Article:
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Penal Affairs Panel Issue Paper 19

 
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joanwilk
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PostPosted: Sat Oct 07, 2017 1:16 pm    Post subject: Penal Affairs Panel Issue Paper 19 Reply with quote

Unitarian Penal Affairs Panel Issues Paper 19 September 2017

The Rehabilitation of Offenders Act 1974

In 1972, The United Kingdom was the only member country of the Council of Europe which did not limit disclosure requirements for people with criminal convictions. Concern led to the setting up of an independent inquiry by three criminal justice reform pressure groups - Justice, the Howard League for Penal Reform and NACRO – chaired by a Conservative peer, Lord Gardiner. The Gardiner Report, “Living It Down: The Problem with Previous Convictions”, was issued in 1972. The Introduction states - “Most civilised societies recognise that it is in their interests to accept back into the community a person who, despite one or more convictions, goes straight for a sufficient number of years.”

The inquiry concerned itself primarily with a particular type of person who had been in trouble with the police. The Report does not look at the problem of long-term “recidivists”, persons with many criminal convictions over many years. It was concerned with those people who had been convicted of one or more offences, perhaps as children or young persons, but who had thereafter led responsible, crime-free lives. Similarly, the inquiry looked at the citizen who had committed an isolated offence perhaps after many years of responsible crime-free life. The report gave an example of such a person – a trusted clerk who embezzles money from his employer “through entanglement with a fast woman or slow horses.”

The Report described the many problems faced by persons with one or more previous convictions which often emerged after decades of respectable, offence-free lives. It gave examples of how convictions were revealed by prosecutors in court hearings for minor traffic cases, how job applications were summarily rejected, mortgages and insurance cover refused, how any appearance in any court, including civil courts, could reveal a distant past. Many years passing and irrelevance gave no relief. Even cautions given by the police to children could became opened since accepting a caution amounts to an admission of guilt to an offence. Moreover, revelations about previous offences however revealed, whether in open court hearings or otherwise, could be repeated by newspapers at any time without constraint. The information was true, however unjustified the revelation.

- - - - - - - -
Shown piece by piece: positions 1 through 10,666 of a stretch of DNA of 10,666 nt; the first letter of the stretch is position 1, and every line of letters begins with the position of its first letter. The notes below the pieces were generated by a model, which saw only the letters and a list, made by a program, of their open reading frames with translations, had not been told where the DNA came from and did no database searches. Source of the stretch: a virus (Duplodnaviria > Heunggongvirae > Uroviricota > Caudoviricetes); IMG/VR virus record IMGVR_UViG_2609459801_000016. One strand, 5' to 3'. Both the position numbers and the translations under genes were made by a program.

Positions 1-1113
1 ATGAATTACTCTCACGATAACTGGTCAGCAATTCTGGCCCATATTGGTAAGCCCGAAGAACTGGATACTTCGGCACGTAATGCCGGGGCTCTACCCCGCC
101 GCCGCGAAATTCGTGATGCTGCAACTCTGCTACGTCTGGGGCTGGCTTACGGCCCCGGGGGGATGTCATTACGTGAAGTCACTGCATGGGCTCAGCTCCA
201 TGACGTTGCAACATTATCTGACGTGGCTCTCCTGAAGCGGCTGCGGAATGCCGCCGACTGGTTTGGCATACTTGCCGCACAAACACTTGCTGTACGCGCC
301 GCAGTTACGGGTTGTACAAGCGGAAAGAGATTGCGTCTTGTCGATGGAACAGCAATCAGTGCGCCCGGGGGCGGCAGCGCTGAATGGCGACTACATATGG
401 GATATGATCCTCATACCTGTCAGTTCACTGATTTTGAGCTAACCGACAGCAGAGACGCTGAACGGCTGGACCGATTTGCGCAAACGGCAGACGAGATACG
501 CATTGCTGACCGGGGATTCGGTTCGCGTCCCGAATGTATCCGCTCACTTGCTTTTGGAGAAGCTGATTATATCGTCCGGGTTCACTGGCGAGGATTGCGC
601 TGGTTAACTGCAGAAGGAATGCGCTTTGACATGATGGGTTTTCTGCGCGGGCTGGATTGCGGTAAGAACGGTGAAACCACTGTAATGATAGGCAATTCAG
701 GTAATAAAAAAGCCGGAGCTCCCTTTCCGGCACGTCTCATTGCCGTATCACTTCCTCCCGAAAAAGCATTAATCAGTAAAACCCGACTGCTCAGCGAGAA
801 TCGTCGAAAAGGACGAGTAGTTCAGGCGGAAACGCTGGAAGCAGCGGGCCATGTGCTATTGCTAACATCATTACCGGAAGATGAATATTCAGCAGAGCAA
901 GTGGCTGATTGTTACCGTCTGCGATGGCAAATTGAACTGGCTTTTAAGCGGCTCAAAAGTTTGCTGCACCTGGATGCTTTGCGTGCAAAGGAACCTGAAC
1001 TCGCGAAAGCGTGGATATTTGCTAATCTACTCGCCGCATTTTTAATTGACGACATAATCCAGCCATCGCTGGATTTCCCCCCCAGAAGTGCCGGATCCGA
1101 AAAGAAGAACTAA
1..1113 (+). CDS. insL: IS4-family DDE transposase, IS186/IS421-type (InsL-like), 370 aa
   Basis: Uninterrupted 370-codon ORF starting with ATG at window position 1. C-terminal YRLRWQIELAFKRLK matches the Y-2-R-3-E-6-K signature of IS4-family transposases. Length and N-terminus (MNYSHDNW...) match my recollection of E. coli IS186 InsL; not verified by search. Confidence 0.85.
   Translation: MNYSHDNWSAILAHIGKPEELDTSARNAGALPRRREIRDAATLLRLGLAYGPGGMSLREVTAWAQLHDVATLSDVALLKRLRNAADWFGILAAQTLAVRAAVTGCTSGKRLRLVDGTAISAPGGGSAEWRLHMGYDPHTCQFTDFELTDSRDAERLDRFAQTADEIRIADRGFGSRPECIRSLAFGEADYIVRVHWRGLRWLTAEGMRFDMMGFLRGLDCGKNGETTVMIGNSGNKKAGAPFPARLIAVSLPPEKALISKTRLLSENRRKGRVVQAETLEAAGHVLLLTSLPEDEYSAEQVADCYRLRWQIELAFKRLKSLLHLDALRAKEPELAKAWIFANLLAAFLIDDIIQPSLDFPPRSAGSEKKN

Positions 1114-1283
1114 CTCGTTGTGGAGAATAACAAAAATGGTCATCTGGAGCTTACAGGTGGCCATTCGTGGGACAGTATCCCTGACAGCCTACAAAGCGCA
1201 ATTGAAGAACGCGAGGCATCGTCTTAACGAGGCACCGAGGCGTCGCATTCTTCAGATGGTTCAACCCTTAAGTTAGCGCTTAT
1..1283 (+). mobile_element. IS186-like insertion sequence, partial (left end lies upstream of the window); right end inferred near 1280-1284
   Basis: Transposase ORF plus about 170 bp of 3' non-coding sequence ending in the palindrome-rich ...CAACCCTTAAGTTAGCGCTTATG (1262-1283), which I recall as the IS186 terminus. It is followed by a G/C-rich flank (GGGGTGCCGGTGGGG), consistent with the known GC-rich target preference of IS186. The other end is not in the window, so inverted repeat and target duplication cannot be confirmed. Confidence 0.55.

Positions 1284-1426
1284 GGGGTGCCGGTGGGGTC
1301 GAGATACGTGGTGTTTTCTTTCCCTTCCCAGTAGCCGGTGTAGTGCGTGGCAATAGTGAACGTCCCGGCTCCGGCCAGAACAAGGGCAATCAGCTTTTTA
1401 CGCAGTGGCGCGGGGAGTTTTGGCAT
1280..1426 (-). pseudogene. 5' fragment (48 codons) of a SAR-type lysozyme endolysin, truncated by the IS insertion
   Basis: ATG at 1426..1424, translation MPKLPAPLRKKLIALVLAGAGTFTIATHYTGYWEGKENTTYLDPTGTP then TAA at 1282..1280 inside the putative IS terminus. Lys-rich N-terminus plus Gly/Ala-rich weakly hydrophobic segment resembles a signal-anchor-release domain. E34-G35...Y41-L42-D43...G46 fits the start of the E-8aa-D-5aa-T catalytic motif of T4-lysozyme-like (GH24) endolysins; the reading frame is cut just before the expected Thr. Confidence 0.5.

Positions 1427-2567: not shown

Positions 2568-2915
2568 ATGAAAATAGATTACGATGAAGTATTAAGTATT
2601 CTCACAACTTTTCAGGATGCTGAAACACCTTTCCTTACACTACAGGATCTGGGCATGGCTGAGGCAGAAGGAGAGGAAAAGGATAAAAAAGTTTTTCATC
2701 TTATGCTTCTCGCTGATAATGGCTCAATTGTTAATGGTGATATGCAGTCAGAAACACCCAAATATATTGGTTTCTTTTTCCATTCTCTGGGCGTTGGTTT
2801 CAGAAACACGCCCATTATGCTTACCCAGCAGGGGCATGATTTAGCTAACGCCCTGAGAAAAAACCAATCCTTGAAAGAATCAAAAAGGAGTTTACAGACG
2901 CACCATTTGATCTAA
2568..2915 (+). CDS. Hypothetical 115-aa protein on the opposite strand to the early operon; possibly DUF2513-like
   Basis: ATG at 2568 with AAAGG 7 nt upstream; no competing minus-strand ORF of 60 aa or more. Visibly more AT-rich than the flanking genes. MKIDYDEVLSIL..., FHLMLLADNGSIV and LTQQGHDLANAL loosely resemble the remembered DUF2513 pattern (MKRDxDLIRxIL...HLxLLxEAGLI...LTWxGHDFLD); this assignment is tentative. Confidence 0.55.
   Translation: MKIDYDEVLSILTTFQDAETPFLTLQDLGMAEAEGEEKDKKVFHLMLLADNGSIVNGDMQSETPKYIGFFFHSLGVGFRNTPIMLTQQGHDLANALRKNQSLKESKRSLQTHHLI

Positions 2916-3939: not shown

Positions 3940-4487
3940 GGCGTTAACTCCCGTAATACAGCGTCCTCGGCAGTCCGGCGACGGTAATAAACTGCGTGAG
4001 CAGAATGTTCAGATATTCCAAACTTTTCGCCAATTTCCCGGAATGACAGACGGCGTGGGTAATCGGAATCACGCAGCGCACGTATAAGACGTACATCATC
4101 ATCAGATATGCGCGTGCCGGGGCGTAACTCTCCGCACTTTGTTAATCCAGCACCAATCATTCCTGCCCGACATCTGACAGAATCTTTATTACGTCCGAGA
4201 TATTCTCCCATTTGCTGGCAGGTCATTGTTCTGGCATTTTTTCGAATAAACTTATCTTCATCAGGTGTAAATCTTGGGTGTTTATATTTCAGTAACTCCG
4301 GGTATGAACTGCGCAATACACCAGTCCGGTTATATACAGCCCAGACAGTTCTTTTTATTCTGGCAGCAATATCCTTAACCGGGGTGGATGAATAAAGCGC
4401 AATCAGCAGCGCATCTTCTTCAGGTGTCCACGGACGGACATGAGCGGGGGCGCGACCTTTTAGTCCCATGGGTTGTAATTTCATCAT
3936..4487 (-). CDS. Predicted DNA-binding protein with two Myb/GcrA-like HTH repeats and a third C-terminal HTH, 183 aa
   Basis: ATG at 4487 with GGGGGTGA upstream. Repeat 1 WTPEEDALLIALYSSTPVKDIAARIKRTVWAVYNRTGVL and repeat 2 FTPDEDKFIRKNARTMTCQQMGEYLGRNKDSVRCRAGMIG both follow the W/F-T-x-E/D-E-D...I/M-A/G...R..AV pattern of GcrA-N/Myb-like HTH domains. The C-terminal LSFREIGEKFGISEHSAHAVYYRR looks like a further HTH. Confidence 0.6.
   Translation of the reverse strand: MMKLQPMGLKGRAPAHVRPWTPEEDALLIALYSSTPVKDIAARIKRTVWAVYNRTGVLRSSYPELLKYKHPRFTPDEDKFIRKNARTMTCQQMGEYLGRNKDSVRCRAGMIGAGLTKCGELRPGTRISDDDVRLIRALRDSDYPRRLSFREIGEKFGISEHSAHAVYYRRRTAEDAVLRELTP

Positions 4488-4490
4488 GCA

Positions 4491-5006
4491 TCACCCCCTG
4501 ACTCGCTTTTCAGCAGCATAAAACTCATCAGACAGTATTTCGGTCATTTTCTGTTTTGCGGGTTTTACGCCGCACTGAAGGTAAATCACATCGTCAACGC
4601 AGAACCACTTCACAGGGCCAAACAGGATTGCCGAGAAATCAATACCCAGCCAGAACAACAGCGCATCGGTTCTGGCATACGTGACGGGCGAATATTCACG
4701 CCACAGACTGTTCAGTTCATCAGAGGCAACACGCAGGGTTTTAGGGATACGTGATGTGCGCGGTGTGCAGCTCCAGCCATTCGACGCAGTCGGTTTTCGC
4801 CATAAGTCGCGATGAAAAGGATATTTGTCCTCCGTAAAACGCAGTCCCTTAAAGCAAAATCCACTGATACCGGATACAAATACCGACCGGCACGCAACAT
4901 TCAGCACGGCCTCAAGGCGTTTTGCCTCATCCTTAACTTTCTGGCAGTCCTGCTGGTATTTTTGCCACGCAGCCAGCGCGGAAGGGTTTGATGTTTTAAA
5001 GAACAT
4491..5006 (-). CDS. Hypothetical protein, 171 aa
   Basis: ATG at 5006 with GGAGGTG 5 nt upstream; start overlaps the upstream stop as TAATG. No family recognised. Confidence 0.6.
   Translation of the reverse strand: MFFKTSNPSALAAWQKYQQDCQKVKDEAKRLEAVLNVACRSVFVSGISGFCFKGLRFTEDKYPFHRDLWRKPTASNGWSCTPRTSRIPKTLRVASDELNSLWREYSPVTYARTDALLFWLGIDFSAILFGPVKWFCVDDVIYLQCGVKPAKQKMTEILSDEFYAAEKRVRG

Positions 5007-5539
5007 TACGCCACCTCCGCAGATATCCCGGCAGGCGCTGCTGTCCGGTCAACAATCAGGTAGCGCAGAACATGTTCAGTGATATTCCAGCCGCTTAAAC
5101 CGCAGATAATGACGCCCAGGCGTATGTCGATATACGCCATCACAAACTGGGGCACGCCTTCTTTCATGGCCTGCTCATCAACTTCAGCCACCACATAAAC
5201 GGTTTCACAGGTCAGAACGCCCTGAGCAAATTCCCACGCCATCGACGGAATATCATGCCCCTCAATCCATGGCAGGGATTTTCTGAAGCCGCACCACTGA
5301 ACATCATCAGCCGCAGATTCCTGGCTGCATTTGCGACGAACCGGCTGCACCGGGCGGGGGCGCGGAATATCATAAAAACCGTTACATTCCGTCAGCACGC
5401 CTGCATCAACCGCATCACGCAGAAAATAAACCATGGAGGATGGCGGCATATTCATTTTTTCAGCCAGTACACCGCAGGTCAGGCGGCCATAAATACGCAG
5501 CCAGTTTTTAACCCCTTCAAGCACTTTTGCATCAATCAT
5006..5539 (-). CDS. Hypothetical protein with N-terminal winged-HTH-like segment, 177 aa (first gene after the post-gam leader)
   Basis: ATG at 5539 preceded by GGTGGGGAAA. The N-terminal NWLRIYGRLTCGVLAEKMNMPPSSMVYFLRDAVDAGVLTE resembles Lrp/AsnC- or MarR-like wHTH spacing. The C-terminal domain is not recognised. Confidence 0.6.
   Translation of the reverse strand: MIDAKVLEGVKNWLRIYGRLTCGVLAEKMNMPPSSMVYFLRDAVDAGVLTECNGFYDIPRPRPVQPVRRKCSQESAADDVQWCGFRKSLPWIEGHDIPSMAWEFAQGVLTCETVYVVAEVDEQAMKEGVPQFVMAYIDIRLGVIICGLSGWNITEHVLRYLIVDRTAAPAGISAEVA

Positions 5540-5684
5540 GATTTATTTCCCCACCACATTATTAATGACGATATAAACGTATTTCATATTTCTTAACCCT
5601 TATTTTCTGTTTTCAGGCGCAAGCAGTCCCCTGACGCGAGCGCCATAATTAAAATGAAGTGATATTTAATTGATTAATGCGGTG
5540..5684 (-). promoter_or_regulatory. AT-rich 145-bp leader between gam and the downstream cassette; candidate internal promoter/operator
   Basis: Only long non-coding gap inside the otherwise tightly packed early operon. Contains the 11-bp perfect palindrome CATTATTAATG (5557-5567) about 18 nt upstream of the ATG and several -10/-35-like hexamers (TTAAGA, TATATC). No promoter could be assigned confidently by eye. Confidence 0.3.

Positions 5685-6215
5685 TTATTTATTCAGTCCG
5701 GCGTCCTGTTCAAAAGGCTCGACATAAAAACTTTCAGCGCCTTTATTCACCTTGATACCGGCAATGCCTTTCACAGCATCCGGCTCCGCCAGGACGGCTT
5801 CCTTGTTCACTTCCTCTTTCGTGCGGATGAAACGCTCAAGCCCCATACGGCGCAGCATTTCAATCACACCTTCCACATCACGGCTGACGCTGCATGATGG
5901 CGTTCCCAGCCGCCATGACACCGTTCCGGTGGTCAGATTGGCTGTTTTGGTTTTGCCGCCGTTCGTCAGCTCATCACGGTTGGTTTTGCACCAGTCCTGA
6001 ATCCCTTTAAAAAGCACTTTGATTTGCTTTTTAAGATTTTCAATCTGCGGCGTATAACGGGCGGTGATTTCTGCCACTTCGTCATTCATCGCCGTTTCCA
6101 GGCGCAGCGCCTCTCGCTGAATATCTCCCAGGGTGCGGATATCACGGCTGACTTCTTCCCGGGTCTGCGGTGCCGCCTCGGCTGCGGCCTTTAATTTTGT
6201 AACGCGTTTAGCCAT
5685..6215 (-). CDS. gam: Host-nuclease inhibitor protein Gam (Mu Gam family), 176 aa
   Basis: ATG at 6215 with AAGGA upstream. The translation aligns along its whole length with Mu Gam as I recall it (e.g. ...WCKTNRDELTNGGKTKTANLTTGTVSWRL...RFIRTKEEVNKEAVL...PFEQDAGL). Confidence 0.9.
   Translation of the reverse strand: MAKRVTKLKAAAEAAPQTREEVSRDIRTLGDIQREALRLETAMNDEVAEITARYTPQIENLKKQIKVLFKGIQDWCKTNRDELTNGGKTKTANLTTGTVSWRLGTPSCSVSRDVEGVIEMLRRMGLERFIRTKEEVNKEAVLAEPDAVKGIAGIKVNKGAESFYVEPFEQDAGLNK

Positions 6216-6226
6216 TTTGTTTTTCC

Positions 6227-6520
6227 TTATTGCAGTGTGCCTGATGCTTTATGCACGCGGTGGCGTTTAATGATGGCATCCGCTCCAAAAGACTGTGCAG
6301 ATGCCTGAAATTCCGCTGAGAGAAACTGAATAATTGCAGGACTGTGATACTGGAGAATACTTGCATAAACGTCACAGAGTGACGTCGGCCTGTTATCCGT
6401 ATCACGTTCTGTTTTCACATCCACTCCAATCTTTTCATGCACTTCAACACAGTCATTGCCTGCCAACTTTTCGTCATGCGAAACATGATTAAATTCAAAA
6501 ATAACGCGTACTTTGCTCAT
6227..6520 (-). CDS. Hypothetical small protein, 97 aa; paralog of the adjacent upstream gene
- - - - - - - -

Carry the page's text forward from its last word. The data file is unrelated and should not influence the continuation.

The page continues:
The damage done to the reputations, personal, employment or business, of persons by revelation of a “criminal record” was often considerable. Moreover, these people had to live with the possibility of the information being revealed to their families, friends and community at any time. Witnesses told the Gardiner inquiry how they were haunted by this possibility for decades. It led many citizens to take extraordinary steps to minimise the risk of revelation and, above all, “to keep a low profile” in their communities to safeguard against chance or malicious revelation.

It was clear to the Committee that the only way to bring about protective changes for such “rehabilitated persons” was to persuade the UK Parliament of the need for legal reform. But Parliament would hardly be so persuaded to consider legislation if the number of citizens so affected were small.

Research for the inquiry on samples of files of offenders in court and police records in the London metropolitan area in 1957 showed that 90% of the persons concerned had remained free of offending for more than 10 years. The number of offences committed more than 10 years later was minimal. The inquiry considered conviction rates were little different in England and Wales outside the London area. Were the findings to be multiplied by the total population, it meant the estimated number of “rehabilitated persons” was about one million. Other research, such as Age/Crime profiles, how criminal activity falls rapidly with the aging of offenders, supported the findings.